8_StarGalaxiesUniversePPx - Clinton Public School District

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Transcript 8_StarGalaxiesUniversePPx - Clinton Public School District

Bell Work:
Name 3 things all
Electromagnetic Waves
have in common.
Chapter 21
Stars, Galaxies,
the Universe
Energy that can travel through space
The Electromagnetic Spectrum
Ranks Electromagnetic Waves based on their _______.
Visible Light –
Electromagnetic Radiation you can see
Spectrum of visible light  ROY G. BIV
Instruments that collect and focus light and other forms
of electromagnetic radiation
Used to make distant objects appear larger & brighter
First used to study space by Galileo
2 Main Types:
Optical vs Non-Optical
Optical Telescopes
Non-Optical Telescopes
Uses lenses or mirrors to collect
& focus VISIBLE light
Collect and focus different types
of electromagnetic radiation
2 Types:
Refracting Telescopes
Reflection Telescopes
3 Types:
Radio Telescopes
Ultraviolet Telescopes
Infrared Telescopes
Source of Radiation:
Stars, Planets, Moons
Study size , composition, and
movement of stars and galaxies
Refracting Telescope
Uses Convex lenses to gather
and focus light
Convex Lens –glass curved so
that the middle is thicker than
the edges
Tw0 Convex Lenses – one at each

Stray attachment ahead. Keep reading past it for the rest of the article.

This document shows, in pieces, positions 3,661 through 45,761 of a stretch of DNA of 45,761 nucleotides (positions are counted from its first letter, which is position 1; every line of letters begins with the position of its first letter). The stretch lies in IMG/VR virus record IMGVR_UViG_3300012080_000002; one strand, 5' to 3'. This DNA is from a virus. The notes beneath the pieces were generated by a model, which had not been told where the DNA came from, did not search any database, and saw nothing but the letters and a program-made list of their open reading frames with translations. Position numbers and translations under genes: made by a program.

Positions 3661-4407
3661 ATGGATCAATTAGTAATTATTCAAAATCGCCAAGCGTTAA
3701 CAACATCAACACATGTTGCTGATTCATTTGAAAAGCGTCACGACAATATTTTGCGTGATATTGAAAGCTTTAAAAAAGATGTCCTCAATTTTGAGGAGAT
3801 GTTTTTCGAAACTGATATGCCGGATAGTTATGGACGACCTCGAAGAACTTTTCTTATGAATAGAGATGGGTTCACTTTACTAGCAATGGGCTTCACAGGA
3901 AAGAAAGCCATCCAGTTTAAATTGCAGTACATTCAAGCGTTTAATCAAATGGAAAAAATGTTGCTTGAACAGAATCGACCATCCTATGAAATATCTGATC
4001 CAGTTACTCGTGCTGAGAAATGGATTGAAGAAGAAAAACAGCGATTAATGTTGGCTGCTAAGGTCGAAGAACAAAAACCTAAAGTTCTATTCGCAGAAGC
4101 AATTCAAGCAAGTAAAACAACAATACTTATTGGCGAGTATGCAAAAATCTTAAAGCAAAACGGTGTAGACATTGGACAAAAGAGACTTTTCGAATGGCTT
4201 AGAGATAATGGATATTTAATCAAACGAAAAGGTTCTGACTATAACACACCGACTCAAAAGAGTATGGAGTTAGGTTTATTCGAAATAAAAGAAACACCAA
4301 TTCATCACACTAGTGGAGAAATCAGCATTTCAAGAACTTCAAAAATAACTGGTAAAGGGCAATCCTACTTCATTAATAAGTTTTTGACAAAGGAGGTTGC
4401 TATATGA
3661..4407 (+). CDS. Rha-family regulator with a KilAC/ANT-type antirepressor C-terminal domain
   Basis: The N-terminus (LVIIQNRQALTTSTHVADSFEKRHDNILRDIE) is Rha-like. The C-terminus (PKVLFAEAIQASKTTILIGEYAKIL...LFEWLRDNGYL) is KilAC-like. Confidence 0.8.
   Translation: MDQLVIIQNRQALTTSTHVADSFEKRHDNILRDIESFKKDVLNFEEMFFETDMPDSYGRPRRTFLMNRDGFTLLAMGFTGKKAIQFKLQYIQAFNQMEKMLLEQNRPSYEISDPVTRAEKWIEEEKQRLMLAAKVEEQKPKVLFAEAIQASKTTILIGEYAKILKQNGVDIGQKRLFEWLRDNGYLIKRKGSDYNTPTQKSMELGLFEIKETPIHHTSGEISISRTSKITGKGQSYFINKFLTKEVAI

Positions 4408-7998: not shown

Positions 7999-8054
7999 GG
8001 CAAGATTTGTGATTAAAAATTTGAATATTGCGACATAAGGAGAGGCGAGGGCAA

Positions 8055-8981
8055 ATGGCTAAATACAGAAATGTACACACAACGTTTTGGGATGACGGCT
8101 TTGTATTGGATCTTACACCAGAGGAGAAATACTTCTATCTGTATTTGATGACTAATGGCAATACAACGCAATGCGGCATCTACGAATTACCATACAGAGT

end of long tube
Large LensGathers Light  larger = more
light it can collect
Smaller LensMagnifies the image
Reflecting Telescopes
1st one built in 1668 by Isaac Newton
Uses a curved mirror to collect and
focus light
Uses two lenses like the refracting
Today, the largest optical
telescopes are all reflecting
Radio Telescopes
Used to Detect RADIO waves in
Curve, reflecting surfaces
Concentrates faint radio waves
from space onto small antennas
Larger = more radio waves it can
Source of Radiation
Galactic Centers, Stars, Black
Find Black Holes
Map Galactic Centers
Bell Work:
What is the difference between
an optical and non-optical
Ultraviolet Telescopes
Source of Radiation:
Distant stars, Clouds of dust
and gas
To map sources and analyze
their composition
Infrared Telescopes
Source of Radiation:
Stars, Galaxies
To study planets around other
This image of the Pinwheel
Galaxy combines data in the
infrared, visible, ultraviolet and
x-rays from four of NASA’s
space telescopes.
Development of Telescopes
1897 – Yerkes Telescope in Wisconsin
Largest refracting telescope ever built  collects most light
1931 – Accidental discovery of Radio Waves by Karl Jansky